Essentially, this is a ‘next generation’ exploration of the consequences of Claire Bennet throwing herself of that ferris-wheel and blowing the secret world of supernatural humanity. To be honest, the first few episodes are pretty annoying but it delivers eventually.
Luke and Joanne (Levi and the atrocious Judith Shekoni) are on a vendetta against the ‘Evos’, the story of which you can feel being deliberately withheld for a big reveal in later episodes. Luke doesn’t do much, looks pained a lot, but it’s Zachary Levi so you know he’s important. Indeed, he is, but it takes hours and hours to care, then find out why. Joanna is a sadist, not rich material for empathy, but Shekoni ruins every scene regardless of the script, even though it doesn’t help her. It’s almost like because she’s not ‘important’ there wasn’t as much effort invested in her. Minor characters shouldn’t be so one-dimensional.
Tommy Clark (played by Robbie Kay) has a tough job with a storyline which really stretches his range. Fortunately, he pulls it off and a slow start for him bears the most fruit out of all the new characters. His journey is great storyboarding. Noah Bennett (Coleman) provides the solid unifying structure throughout and forms the most of the bridges between old and new ideas and heroes.
There are a number of more tenuous faces whose contribution to the whole seems impossible and ridiculous. However, the series does culminate in a cohesive finale which sees the main players contribute to a distinct conclusion – something that didn’t seem likely for a long time. The gradual introduction of familiar figures from (sometimes quite literally) the past also makes it feel like a more substantial addition to the ‘canon’. The writers make some serious choices which might surprise you in terms of the ‘old guard’.
It is only after you have finished the finale that you realise they have copied the formula of that season of the original, this time with the additional gravitas of people who have had another three seasons to grow. With that in mind, knowing it’s still not hit those heights is disappointing, but clearly the correct direction to have attempted. Dare we say it’s a little like the relationship between Return of the Jedi and The Force Awakens? You use a universe and (loosely) a familiar story to introduce new characters and ideas into a world fans loved in the past in order to reboot a franchise. The reason Star Wars seemed to do so well was the balance they struck between being familiar and creating something new. The Heroes team just do an average job. It could have been much worse.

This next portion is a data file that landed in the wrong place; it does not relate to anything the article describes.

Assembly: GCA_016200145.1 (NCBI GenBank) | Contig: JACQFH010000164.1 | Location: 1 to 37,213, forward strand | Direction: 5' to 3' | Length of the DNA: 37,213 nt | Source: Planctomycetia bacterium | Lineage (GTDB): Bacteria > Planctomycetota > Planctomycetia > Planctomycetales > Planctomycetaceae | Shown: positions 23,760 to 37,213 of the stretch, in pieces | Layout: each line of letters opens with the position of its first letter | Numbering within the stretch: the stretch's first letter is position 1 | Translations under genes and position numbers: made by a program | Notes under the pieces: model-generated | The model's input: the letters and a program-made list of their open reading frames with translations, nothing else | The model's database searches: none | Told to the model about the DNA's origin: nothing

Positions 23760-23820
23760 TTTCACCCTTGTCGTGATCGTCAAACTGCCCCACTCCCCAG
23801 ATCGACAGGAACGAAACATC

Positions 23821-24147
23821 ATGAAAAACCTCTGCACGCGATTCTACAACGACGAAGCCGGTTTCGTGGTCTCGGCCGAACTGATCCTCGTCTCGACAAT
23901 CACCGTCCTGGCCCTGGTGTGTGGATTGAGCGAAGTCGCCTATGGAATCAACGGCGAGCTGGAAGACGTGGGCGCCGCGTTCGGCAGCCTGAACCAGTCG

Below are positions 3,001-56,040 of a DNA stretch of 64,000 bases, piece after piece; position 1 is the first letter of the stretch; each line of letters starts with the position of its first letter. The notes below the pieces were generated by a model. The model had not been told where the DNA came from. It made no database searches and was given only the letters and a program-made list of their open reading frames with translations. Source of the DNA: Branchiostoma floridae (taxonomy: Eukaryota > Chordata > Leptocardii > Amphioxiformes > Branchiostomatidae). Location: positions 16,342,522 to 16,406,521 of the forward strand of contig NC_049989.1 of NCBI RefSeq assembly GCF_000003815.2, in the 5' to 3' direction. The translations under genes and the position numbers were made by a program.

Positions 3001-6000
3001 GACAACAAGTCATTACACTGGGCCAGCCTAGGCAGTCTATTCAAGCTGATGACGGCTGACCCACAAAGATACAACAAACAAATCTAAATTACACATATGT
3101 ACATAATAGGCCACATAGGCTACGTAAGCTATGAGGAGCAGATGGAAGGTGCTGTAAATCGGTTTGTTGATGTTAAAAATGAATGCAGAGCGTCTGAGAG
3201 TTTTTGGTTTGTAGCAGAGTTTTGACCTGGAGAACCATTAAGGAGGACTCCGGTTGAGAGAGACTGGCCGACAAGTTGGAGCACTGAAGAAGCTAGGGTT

Some innovations and new characters render it interesting, if not ground-breaking and it leans heavily on older characters from the original show. However, the new characters do bed in and build to an engaging crescendo, much like season one of Heroes. Annoyingly, over the 13-episode character arc, as the new ones become more able to hold our attention on their own, the more important the old characters become, rendering the initial investment in the bizarre trajectory of the opening episodes a bit pointless. In the end, it’s actually fans of the old show and those more complex characters that will get the most out of this sequel – if they are still with the makers after three fairly poor seasons following the highly arresting debut season, a standard to which they will always be judged by.
Review by George Meixner